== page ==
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Input signal, specified as a row or column vector, or as a matrix. If x is a matrix, then its columns are treated as independent channels.

Example: cos(pi/4*(0:159))+randn(1,160) is a single-channel row-vector signal.

Example: cos(pi./[4;2]*(0:159))'+randn(160,2) is a two-channel signal.

Data Types: single | double
Complex Number Support: Yes

Window, specified as a row or column vector with the same length as the input signal. If you specify window as empty, then periodogram uses a rectangular window. If you specify the 'reassigned' flag and an empty window, then the function uses a Kaiser window with β = 38.

Data Types: single | double

Number of DFT points, specified as a positive integer. For a real-valued input signal, x, the PSD estimate, pxx has length (nfft/2 + 1) if nfft is even, and (nfft + 1)/2 if nfft is odd. For a complex-valued input signal,x, the PSD estimate always has length nfft. If nfft is specified as empty, the default nfft is used.

Data Types: single | double

Sample rate, specified as a positive scalar. The sample rate is the number of samples per unit time. If the unit of time is seconds, then the sample rate has units of Hz.

Normalized frequencies, specified as a row or column vector with at least two elements. Normalized frequencies are in rad/sample.

Example: w = [pi/4 pi/2]

Data Types: double

Frequencies, specified as a row or column vector with at least two elements. The frequencies are in cycles per unit time. The unit time is specified by the sample rate, fs. If fs has units of samples/second, then f has units of Hz.

Example: fs = 1000; f = [100 200]

Data Types: double

Frequency range for the PSD estimate, specified as a one of 'onesided', 'twosided', or 'centered'. The default is 'onesided' for real-valued signals and 'twosided' for complex-valued signals. The frequency ranges corresponding to each option are

• 'onesided' — returns the one-sided PSD estimate of a real-valued input signal, x. If nfft is even, pxx has length nfft/2 + 1 and is computed over the interval [0,π] rad/sample. If nfft is odd, the length of pxx is (nfft + 1)/2 and the interval is [0,π) rad/sample. When fs is optionally specified, the corresponding intervals are [0,fs/2] cycles/unit time and [0,fs/2) cycles/unit time for even and odd length nfft respectively.

The function multiplies the power by 2 at all frequencies except 0 and the Nyquist frequency to conserve the total power.

• 'twosided' — returns the two-sided PSD estimate for either the real-valued or complex-valued input, x. In this case, pxx has length nfft and is computed over the interval [0,2π) rad/sample. When fs is optionally specified, the interval is [0,fs) cycles/unit time.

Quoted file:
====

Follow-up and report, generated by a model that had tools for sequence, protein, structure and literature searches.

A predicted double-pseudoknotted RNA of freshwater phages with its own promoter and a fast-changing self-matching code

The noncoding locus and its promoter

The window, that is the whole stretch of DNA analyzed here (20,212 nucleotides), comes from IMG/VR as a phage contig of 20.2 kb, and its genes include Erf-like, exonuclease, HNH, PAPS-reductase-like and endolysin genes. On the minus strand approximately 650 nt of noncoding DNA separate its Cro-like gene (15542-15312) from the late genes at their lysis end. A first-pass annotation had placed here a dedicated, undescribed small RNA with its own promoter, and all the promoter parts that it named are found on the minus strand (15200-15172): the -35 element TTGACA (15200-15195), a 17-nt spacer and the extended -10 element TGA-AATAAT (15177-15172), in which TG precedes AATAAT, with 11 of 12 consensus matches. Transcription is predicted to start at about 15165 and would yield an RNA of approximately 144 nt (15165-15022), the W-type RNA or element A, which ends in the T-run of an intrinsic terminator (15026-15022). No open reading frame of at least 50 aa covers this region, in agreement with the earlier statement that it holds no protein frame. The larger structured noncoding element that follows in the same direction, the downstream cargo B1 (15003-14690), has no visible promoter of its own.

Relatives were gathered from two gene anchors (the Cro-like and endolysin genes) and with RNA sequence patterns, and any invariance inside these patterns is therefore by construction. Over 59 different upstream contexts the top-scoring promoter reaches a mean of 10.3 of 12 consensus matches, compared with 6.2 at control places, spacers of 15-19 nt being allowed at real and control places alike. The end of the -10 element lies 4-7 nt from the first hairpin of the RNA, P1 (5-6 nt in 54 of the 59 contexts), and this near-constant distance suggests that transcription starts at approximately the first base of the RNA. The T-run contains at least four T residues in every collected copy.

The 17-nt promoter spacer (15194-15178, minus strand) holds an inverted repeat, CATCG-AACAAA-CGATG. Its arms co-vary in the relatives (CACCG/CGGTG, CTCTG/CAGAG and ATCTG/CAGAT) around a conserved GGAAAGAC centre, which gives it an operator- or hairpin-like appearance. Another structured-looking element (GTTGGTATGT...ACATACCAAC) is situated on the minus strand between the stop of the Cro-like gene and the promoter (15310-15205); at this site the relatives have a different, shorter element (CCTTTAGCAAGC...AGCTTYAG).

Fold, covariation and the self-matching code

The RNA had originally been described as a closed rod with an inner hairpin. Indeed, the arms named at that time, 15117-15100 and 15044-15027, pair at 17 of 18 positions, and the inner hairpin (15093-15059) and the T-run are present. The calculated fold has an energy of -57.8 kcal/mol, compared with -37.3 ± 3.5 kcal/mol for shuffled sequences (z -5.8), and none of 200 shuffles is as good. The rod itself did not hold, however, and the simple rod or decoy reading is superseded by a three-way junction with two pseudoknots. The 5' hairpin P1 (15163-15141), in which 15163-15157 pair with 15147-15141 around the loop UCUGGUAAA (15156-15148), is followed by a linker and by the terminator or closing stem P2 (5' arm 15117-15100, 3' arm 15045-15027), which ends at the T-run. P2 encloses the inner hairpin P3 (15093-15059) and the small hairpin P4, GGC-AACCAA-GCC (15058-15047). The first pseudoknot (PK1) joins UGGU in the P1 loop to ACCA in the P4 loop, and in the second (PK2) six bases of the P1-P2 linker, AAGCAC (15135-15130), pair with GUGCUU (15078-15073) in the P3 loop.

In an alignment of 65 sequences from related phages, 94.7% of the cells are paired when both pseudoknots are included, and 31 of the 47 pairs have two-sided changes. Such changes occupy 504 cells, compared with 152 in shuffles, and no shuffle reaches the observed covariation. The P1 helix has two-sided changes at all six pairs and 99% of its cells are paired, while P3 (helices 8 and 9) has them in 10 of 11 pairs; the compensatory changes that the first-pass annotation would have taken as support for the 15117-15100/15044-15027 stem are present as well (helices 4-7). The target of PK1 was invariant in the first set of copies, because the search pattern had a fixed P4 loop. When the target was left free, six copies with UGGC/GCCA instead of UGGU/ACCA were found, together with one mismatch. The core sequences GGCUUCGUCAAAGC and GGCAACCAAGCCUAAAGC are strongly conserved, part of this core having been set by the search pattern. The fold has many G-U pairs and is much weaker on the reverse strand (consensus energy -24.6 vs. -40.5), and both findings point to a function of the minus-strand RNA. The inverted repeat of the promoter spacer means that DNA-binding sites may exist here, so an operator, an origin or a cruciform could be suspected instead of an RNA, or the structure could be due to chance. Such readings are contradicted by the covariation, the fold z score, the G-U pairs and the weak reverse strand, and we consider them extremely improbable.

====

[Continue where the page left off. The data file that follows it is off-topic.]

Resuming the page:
• 'centered' — returns the centered two-sided PSD estimate for either the real-valued or complex-valued input, x. In this case, pxx has length nfft and is computed over the interval (–π,π] rad/sample for even length nfft and (–π,π) rad/sample for odd length nfft. When fs is optionally specified, the corresponding intervals are (–fs/2, fs/2] cycles/unit time and (–fs/2, fs/2) cycles/unit time for even and odd length nfft respectively.

Power spectrum scaling, specified as 'psd' or 'power'. To return the power spectral density, omit spectrumtype or specify 'psd'. To obtain an estimate of the power at each frequency, use 'power' instead. Specifying 'power' scales each estimate of the PSD by the equivalent noise bandwidth of the window, except when the 'reassigned' flag is used.

Coverage probability for the true PSD, specified as a scalar in the range (0,1). The output, pxxc, contains the lower and upper bounds of the probability × 100% interval estimate for the true PSD.

## Output Arguments

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PSD estimate, returned as a real-valued, nonnegative column vector or matrix. Each column of pxx is the PSD estimate of the corresponding column of x. The units of the PSD estimate are in squared magnitude units of the time series data per unit frequency. For example, if the input data is in volts, the PSD estimate is in units of squared volts per unit frequency. For a time series in volts, if you assume a resistance of 1 Ω and specify the sample rate in hertz, the PSD estimate is in watts per hertz.

Data Types: single | double

Cyclical frequencies, returned as a real-valued column vector. For a one-sided PSD estimate, f spans the interval [0,fs/2] when nfft is even and [0,fs/2) when nfft is odd. For a two-sided PSD estimate, f spans the interval [0,fs). For a DC-centered PSD estimate, f spans the interval (–fs/2, fs/2] cycles/unit time for even length nfft and (–fs/2, fs/2) cycles/unit time for odd length nfft.